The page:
The Catholic Bishops’ Conference of the Philippines tackled climate change on different fronts and also addressed a host of other issues, from equitable education to sovereign disputes at its biannual plenary session on July 6-13.
Archbishop Socrates Villegas of Lingayen-Dagupan, newly re-elected president of the conference, told Catholic News Service that the group was taking “all possible approaches” in dealing with environmental issues.
Archbishop Villegas said that apart from officially creating a climate desk, “a group of bishops have been assigned to draft a position paper, and hopefully it will be ready for the Paris convention … and many bishops have affixed their signature to the petition” of the Global Catholic Climate Movement.
On July 5, the Church in the Philippines signed on to the movement’s appeal to world leaders who will attend the November 30-December 11 UN climate summit in Paris to come up with a policy statement that will help control rising global temperatures. The campaign was to be carried out at parishes on Sundays with the goal of gathering at least one million signatures.
The archbishop said the conference would send its position paper to the Paris summit “to be more politically resolute in facing climate change.”
Archbishop Villegas had told CNS the issue of caring for the environment was “nothing new” to the conference, but with the release of the papal encyclical on the environment, Laudato Si’, Pope Francis made it new again because he “opens very interesting perspectives in the care for creation … for example, linking the cry of the earth with the cry of the poor.”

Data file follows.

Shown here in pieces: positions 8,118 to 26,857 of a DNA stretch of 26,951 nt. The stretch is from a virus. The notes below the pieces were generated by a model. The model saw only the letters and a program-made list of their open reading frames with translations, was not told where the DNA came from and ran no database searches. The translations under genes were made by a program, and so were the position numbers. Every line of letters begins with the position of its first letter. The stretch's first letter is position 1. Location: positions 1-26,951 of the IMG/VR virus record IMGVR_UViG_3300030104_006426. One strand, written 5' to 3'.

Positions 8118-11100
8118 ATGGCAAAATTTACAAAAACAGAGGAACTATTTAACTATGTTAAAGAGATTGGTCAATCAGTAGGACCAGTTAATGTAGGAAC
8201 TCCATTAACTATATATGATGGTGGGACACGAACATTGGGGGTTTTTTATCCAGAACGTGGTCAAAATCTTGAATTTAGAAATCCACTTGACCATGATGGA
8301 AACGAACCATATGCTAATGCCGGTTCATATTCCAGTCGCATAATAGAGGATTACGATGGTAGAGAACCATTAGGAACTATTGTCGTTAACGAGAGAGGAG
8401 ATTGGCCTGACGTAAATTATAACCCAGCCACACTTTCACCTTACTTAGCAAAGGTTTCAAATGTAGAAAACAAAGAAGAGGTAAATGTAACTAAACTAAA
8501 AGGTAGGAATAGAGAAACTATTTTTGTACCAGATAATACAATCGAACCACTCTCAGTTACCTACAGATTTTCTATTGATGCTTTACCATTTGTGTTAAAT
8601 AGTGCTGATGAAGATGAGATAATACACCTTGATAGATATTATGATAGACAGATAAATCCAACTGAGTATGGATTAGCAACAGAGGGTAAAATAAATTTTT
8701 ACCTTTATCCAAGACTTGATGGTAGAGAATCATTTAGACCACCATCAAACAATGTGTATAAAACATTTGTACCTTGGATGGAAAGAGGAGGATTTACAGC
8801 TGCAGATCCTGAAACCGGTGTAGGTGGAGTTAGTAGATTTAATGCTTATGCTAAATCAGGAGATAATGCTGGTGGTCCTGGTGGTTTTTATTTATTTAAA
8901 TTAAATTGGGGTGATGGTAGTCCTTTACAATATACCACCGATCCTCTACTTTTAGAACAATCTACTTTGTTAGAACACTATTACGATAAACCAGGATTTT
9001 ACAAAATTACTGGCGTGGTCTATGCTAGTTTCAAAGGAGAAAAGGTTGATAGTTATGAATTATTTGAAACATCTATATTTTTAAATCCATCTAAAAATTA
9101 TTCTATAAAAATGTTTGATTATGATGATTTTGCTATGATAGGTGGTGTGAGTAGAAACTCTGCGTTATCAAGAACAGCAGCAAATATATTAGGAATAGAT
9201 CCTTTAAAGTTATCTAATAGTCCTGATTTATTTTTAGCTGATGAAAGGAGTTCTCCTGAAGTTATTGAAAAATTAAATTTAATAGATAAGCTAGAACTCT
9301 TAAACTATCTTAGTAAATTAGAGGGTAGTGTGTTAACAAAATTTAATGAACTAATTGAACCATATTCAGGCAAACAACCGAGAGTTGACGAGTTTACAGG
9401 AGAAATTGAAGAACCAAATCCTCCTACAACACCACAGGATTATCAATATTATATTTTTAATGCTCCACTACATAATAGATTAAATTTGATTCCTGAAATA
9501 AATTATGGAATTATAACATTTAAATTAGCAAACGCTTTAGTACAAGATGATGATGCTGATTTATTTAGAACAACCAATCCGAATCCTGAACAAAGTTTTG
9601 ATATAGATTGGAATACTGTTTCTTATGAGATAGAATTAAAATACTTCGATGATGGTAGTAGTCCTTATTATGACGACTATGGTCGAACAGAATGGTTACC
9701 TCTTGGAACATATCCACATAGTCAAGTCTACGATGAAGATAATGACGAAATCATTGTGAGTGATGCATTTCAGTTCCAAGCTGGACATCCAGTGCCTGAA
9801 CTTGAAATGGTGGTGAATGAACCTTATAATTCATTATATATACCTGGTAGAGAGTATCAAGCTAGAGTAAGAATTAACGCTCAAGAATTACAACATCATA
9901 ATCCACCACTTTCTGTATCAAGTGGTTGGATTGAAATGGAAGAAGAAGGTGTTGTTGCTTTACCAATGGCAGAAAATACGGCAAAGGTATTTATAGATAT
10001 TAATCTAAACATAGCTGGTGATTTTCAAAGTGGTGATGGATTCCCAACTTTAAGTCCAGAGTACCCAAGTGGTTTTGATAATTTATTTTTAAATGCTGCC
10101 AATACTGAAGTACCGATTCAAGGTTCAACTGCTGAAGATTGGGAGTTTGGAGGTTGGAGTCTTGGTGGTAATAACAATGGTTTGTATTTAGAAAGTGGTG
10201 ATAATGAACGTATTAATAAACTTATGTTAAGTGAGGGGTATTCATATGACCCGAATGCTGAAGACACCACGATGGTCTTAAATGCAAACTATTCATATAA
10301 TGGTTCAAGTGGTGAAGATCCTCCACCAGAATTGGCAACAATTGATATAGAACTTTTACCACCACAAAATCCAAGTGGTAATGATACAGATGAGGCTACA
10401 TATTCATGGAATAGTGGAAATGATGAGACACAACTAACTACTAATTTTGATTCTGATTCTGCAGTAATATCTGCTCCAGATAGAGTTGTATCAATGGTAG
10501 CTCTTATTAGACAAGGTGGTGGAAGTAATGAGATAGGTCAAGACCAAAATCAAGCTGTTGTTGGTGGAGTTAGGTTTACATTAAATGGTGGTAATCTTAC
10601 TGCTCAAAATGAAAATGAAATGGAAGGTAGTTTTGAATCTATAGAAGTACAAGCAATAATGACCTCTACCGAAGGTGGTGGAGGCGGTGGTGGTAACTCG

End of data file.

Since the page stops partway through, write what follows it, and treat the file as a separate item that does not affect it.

Manila Cardinal Luis Antonio Tagle was the first to sign the Global Catholic Climate Movement petition, emphasising the significance of the encyclical.
During the meeting, the conference also said it was “neither for nor against” different versions of legislation that would create an autonomous region in the Muslim-majority South.
Davao Archbishop Romulo Valles, conference vice president, said at a briefing after meeting that members shared ideas on the proposed law from the “point of view of religious leaders.”
The proposed region includes the stronghold of the country’s largest Muslim rebel group, the Moro Islamic Liberation Front, which is in the midst of fleshing out terms of a one-year-old peace pact with the government. Christians and indigenous people also live in the region. Some people have questioned the constitutionality of the original proposal of the government and the rebels.
The rebels fear a watered-down version would not go over well among their ranks.
The conference also put out an obligatory prayer to help “ease tensions” between the Philippines and China over an increasingly contentious territorial squabble in the South China Sea. On July 7, a high-level delegation from the Philippines went to The Hague to present its case against China at the Permanent Court of Arbitration.
China, which rejects the case and is not participating, has said it has “indisputable sovereignty” over the sea’s hundreds of islands.
“If the dispute escalates and it becomes a problem of peace, how can the church not be involved,” asked Archbishop Villegas. “Peace is the mission of the Church.”